Three recent books that inform me are by John Gray (The Silence of Animals: One Progress and Other Myths), Julian Barnes (Nothing to Be Frightened Of), and Peter Watson (The Age of Atheists: How We Have Sought to Live Since the Death of God).
Today the Huffington Post pointed me to another recent "how to live as an atheist" book - Atheist Mind, Humanist Heart: Rewriting the Ten Commandments for the Twenty-first Century, by Lex Bayer and John Figdor. Bayer and Figdor give what they call 10 "non-commandments" for an atheist's life. They are:
I. The world is real, and our desire to understand the world is the basis for belief.
II. We can perceive the world only through our human senses.
III. We use rational thought and language as tools for understanding the world.
IV. All truth is proportional to the evidence.
V. There is no God.
VI. We all strive to live a happy life. We pursue things that make us happy and avoid things that do not.
VII. There is no universal moral truth. Our experiences and preferences shape our sense of how to behave.
VIII. We act morally when the happiness of others makes us happy.
IX. We benefit from living in, and supporting, an ethical society.
X. All our beliefs are subject to change in the face of new evidence, including these.
I just heard of this book, and have not read it. It probably gives support for each of these. My hope is that Bayer and Figdor address the following:
Non-commandment II - "We can perceive the world only through our human senses."
Define "perception." I'll guess that, by perception, B&F mean "sense perception." If so, then this non-commandment is circular (We perceive the world by perceiving.)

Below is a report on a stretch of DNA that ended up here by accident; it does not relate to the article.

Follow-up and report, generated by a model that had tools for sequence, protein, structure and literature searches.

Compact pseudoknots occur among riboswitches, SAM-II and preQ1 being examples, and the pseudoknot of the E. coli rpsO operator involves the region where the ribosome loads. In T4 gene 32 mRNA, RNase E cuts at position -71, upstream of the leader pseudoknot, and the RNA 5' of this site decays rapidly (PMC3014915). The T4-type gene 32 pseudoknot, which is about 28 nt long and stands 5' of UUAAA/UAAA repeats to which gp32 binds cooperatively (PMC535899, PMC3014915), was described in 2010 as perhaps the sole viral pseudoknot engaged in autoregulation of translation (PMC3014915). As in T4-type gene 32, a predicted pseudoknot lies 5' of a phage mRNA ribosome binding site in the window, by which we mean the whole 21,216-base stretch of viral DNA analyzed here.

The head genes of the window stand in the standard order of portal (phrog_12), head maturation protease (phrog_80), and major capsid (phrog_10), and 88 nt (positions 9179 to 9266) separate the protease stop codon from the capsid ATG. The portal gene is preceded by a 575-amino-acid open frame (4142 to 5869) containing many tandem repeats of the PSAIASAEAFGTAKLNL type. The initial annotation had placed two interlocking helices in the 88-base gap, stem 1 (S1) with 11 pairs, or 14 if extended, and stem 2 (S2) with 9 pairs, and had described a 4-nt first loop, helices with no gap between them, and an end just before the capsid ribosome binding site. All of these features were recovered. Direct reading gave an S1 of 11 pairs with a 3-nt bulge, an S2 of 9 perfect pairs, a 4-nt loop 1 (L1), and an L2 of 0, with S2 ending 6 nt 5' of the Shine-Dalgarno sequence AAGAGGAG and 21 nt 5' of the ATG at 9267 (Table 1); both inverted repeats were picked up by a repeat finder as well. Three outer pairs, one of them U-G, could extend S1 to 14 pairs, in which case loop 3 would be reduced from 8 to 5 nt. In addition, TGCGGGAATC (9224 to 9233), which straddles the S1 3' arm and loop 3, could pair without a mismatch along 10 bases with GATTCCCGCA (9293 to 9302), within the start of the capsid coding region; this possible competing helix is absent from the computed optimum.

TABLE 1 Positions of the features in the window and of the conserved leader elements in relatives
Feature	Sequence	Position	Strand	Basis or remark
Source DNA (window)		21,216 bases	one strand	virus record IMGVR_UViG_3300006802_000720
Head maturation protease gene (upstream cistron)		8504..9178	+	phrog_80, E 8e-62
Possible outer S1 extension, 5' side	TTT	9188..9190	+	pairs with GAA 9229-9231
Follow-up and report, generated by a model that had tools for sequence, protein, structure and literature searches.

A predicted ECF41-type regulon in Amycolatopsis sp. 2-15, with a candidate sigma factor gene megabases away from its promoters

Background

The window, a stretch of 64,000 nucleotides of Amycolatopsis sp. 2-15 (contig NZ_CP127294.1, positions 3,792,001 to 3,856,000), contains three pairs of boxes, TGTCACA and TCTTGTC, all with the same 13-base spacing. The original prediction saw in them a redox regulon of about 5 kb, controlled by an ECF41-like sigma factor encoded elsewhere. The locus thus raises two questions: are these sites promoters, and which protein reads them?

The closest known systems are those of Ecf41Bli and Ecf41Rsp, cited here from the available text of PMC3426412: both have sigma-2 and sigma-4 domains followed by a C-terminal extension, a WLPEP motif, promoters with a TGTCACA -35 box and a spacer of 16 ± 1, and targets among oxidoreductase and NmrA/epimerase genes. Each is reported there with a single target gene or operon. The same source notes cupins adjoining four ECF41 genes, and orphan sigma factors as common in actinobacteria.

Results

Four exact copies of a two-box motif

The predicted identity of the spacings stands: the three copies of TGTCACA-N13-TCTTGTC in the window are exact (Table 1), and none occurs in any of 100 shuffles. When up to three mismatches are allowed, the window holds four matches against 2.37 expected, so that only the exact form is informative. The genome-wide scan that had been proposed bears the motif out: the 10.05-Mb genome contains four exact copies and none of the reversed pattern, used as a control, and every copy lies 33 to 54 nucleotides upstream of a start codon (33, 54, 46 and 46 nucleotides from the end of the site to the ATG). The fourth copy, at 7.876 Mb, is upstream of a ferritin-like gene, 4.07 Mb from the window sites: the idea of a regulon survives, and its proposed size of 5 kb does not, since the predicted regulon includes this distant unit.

Non-commandment IV - "All truth is proportional to the evidence."
This is an old and famous rephrasing of W.K. Cliifford's "It is wrong, always, everywhere, for anyone to believe anything on insufficient evidence." But surely this is false. If, e.g., the truth of "2 + 3 = 5" must be proportional to the evidence then we should not believe it to be true. The statement Our sense give us accurate information about the external world is in the same predicament. As are also the laws of logic (modus ponens, et. al.)
Non-commandments VI and VII - "We all strive to live a happy life. We pursue things that make us happy and avoid things that do not"; "We act morally when the happiness of others makes us happy."
This is utilitarianism. Hopefully B&F will address its many internal problems.
Non-commandment VII - "There is no universal moral truth. Our experiences and preferences shape our sense of how to behave."
I'd be interested in how B&F support this, other than the trivial but true claim that if God does not exist then of course there is no universal moral truth. Note that behind VI and VIII there is no "ought" which, if God does not exist, is as it should be.
Note also that several atheists affirm the existence of objective moral values.
Non-commandment IX - "We benefit from living in, and supporting, an ethical society."
Again, this is utilitarianism. It also strikes me as trivial and I wonder if it is not also circular. Because "ethical society" most likely means "utilitarian ethics" which, by definition, "benefits" us.
I suggest non-commandment XI - Free will does not exist. If that is true than I still need explanations of volitional verbs in the non-commandments such as "desire to understand," "rational thought," "strive," "pursue," "act morally," and evaluate new "evidence."
One more thing - VIII says "We act morally when the happiness of others makes us happy." But V says - "There is no God."
V leaves many people, such as myself, unhappy. V marginalizes me in the happiness universe. In fact V leaves the vast majority of the world unhappy. So I assume VIII should read something like: "We act morally when the happiness of other atheists makes us happy." Which is anti-utilitarian, since it leaves most people unhappy most of the time. What would make most people happy most of the time would be the atheist removing non-commandment (belief; statement) V. Here is where I suspect the atheist will want to convince me of the truth of V, not because it would make me happy, but because V is a universal truth. Or something like that.